Quote from MacDonald, Helen (2014). H is for Hawk- ‘There is a time in life when you expect the world to be always full of new things. And then comes a day when you realise that is not how it will be at all. You see that life will become a thing made of holes. Absences. Losses. Things that were there and are no longer. And you realise, too, that you have to grow around and between the gaps.’
In consideration of this theme I discovered some really interesting work, most of the artists new to me. Janet Hollins blog relating to her MA Fine art in 2012 makes a really interesting resource. There is a lovely video of the artist showing her Mum, who is a subject in the work, around the final exhibititon. Not only does this give a good insight to how she exhibited her work in relation to the theme, but also to the reactions of her mother, heard to say, ‘I’m there but I’m not but I know I’m there’.
I found myself making lots of notes, in particular to the means by which she has exhibited her work, with the addition of sound, use of projection, backlighting, etc. It is also a good resource in terms of other artists/resources to chase up in relation to this theme.
Chilaru Shiota’s work is new to me. ‘A room of memory’, ‘During sleep’, ‘Other side’, ‘Accumulation-search for the destination’- these are titles of some of Shiotas installations, moody, evocative spaces often with webs of connections featuring objectsthat make us think about what’s not there- an empty chair, collections of single shoes or old suitcases.
My search brought me to a review relating to the work of Catherine Howard and her installation ‘Veil tease’. The author wrote, ‘Its hard to locate the image in each painting as you walk among them’ and ‘enough to seem naturally occurring like trees, prompting curious exploration of space’. This did make me start thinking about my own work and how it might be shown, and indeed how I might make the work. The idea of walking through a wood kind of appealed to me. I found myself thinking about the duality in the theme and the idea of using tracing paper or tissue paper and painting on both sides- this idea has appealed to me before when looking at the work of Ellen Gallagher.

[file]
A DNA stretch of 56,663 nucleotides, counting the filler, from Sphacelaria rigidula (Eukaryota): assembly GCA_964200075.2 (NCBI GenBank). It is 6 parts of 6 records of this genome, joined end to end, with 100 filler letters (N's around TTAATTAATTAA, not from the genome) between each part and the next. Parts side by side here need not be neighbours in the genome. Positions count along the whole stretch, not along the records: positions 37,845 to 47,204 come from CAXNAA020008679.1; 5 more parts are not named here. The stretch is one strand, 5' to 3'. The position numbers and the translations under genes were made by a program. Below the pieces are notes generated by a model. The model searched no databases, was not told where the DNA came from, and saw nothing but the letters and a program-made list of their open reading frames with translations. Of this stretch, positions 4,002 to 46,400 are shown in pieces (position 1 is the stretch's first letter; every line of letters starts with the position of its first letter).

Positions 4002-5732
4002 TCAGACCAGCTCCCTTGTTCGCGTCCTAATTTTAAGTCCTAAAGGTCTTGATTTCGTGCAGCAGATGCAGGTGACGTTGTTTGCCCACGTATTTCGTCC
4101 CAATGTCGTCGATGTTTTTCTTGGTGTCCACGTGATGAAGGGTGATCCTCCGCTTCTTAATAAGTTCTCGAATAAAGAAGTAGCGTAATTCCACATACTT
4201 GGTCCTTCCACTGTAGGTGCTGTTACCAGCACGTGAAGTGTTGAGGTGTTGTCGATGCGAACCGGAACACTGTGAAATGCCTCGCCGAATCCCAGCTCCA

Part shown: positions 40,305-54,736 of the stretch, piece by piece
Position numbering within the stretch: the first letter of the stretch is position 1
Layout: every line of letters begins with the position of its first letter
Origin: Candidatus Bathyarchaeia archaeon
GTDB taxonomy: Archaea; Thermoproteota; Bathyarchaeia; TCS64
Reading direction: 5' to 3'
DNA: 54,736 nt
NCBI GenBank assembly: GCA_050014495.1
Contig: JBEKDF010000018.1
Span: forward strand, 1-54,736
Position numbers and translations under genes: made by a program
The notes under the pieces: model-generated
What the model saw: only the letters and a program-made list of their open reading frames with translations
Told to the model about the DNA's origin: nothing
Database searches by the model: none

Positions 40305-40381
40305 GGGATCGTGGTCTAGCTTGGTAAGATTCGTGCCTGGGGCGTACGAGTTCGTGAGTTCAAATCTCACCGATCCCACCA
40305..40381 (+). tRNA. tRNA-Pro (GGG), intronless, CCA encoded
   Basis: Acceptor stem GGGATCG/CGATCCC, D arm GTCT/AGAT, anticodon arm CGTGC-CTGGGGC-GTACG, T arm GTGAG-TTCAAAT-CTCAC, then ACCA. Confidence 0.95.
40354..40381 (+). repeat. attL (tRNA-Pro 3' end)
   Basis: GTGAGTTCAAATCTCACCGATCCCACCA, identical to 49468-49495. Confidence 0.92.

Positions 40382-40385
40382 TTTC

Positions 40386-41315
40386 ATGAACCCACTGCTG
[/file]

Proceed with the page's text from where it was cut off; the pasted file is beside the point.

Doris Salcedo seems an important artist to consider in relation to this theme, as Memory, which is the essence of her work, is very closely related. In the video, Doris Salcedo on the importance of memory, she talks about prompting memory to raise issues whilst recognising her work can’t solve problems, but through her work the viewer may be able to make their own connections. I was also very interested to see the video about the work, ‘A Flor de piel’– a shroud made of rose petals. To hear about the use of organic materials and the research required to preserve and around mummification that was required to make it happen was quite inspiring, and very relevant in many ways to my own work.
Tom Price is a British born artist whose exhibition ‘The presence of absence’ is an installation of figures that have been made using coal. The figures look very fragile, there are gaps, fissures, you can see right through them in places, they look like they could crumble at any minute. In his video he describes his thinking behind the process and the use of coal- a form of carbon, a basic building block.
Unrelated to this I was doing some reading about charcoal, and the process through which it comes about-pyrolosis. The process is how we turn the willow to charcoal by burning it in the absences of oxygen. It struck me then that this somehow makes charcoal the perfect medium through which to explore the theme of absence.
Looking at these has certainly provoked lots of though in relation to my work, particularly on process and materials, and how my work might be shown or shared.